Abstract: Certain prior credence distributions concerning the future lead to inductivism and other distributions lead to inductive skepticism. I argue that it is difficult to see how the latter can be considered reasonable. I do not prove that they are not, but at the end of the paper the tables are turned: in line with pre-philosophical intuitions, inductivism has retaken its position as the most reasonable default position while the skeptic is called on to supply a novel argument for his. The reason is as follows. There are certain possibilities concerning the functioning of the world that, if assigned positive credence, support inductivism. Prima facie, one might think that the alternatives to those possibilities, if assigned similar or more credence, cancel out that support. But, on the contrary, I argue that it is plausible that reasonable credence distributions are such that the alternatives instead cancel themselves out and thus leave the support for inductivism in place.
Keywords: Induction, Bayesianism, Laws of Nature, Grue
Abstract: Inductive reasoning is complicated. According to Bayesianism, it involves assigning prior credences to every conceivable possibility about the future. That's a lot of possibilities. However, useful insights about inductive reasoning and Humean inductive skepticism can be gained by considering simplified models of such reasoning in worlds with fewer possibilities. That is the working hypothesis of this paper.
Keywords: Induction, Bayesian Solution, Nomological-Explanatory Solution
Abstract: The thought experiment of the Presumptious Philosopher was introduced by Bostrom to show that certain theories of anthropic reasoning have obviously unacceptable consequences, namely those theories that imply that an epistemic agent should shift his or her credences towards theories according to which many subjects exist in the history of the universe. By way of historical case studies, this paper attempts to reverse the intuition that this thought experiment has elicited from Bostrom and most other participants in the debate: reasoning “presumptuously” is rational and would have been useful to historical cosmologist. What I defend is approximately the conjunction of the so-called Self-Sampling and Self-Indication Assumptions, but I close the paper by explaining why this conjunction is not entirely correct, and by suggesting an alternative approach to anthropic reasoning.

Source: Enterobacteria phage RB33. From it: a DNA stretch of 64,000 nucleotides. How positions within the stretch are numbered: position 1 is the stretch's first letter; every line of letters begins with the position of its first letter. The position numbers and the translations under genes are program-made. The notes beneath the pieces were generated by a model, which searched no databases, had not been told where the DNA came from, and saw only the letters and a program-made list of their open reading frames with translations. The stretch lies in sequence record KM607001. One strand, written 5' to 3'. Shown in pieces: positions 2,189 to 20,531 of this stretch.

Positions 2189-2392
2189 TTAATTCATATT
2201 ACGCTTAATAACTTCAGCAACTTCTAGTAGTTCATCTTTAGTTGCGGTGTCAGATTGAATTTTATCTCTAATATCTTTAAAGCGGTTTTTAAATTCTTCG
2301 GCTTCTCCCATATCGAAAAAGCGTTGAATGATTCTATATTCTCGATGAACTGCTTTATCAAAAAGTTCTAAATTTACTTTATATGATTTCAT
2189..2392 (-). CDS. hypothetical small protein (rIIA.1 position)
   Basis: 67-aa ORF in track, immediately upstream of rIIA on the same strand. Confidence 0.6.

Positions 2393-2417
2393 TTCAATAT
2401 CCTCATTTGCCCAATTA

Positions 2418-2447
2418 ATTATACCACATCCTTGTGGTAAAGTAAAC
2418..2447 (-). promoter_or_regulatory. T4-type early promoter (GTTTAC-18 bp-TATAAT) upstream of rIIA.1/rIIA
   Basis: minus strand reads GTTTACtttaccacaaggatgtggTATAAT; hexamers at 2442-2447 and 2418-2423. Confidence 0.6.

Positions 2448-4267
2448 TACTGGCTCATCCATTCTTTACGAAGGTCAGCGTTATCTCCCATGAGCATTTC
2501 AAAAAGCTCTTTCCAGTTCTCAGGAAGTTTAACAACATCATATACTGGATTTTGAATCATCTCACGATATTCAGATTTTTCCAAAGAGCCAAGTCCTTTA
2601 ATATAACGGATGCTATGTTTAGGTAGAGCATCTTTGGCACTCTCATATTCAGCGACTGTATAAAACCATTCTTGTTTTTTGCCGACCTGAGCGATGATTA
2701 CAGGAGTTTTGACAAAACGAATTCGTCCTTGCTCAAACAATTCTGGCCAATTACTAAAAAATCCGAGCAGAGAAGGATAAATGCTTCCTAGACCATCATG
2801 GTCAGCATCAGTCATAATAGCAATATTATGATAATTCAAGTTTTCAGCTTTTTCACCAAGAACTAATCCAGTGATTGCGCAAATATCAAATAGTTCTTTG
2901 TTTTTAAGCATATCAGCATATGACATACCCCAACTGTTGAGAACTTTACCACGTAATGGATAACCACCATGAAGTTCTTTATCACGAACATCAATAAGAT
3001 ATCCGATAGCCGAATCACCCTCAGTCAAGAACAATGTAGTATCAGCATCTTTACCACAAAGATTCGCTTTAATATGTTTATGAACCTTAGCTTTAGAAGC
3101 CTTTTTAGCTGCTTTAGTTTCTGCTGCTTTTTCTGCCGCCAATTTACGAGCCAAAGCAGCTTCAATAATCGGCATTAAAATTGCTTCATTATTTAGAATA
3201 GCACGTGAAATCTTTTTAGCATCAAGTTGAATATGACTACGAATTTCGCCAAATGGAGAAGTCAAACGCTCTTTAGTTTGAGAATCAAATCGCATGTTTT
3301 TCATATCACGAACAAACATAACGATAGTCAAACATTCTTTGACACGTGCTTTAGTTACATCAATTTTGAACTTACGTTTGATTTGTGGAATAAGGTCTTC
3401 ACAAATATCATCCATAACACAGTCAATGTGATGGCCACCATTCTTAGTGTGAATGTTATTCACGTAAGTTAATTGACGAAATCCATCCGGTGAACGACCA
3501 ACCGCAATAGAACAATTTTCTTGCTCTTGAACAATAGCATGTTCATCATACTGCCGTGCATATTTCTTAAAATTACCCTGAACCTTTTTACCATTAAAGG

Keywords: Anthropic Reasoning, History of Cosmology, Bayesianism, The Presumptious Philosopher, The Self-Indication Assumption
Abstract: To determine what the rational credences are for the epistemic agents in the famous cases of self-locating belief, one should model the processes that lead to those agents having the evidence that they have. This is the immensely reasonable approach taken by Darren Bradley (Phil. Review 121, 149-177) and Joseph Halpern (Ergo 2, 195-206). However, they make it seem like this approach must lead to such conclusions as the doomsday argument being correct and that Sleeping Beauty should be a halfer. I argue that this is due to an implicit existential bias: it is assumed that the first step in those processes is the determination that the agent in question must necessarily exist. It is much more reasonable to model that determination as contingent and a result of other, earlier, steps in the process. This paper offers such alternative models. They imply an endorsement of what has mockingly been called “presumptuous” reasoning, and a massive shift of credences in favor of the existence of a multiverse and in favor of the Everettian interpretation of quantum mechanics.
Keywords: Self-Locating Belief, The Doomsday Argument, Sleeping Beauty, Quantum Mechanics, The Fine-Tuning Argument, Protocols, Selection Effects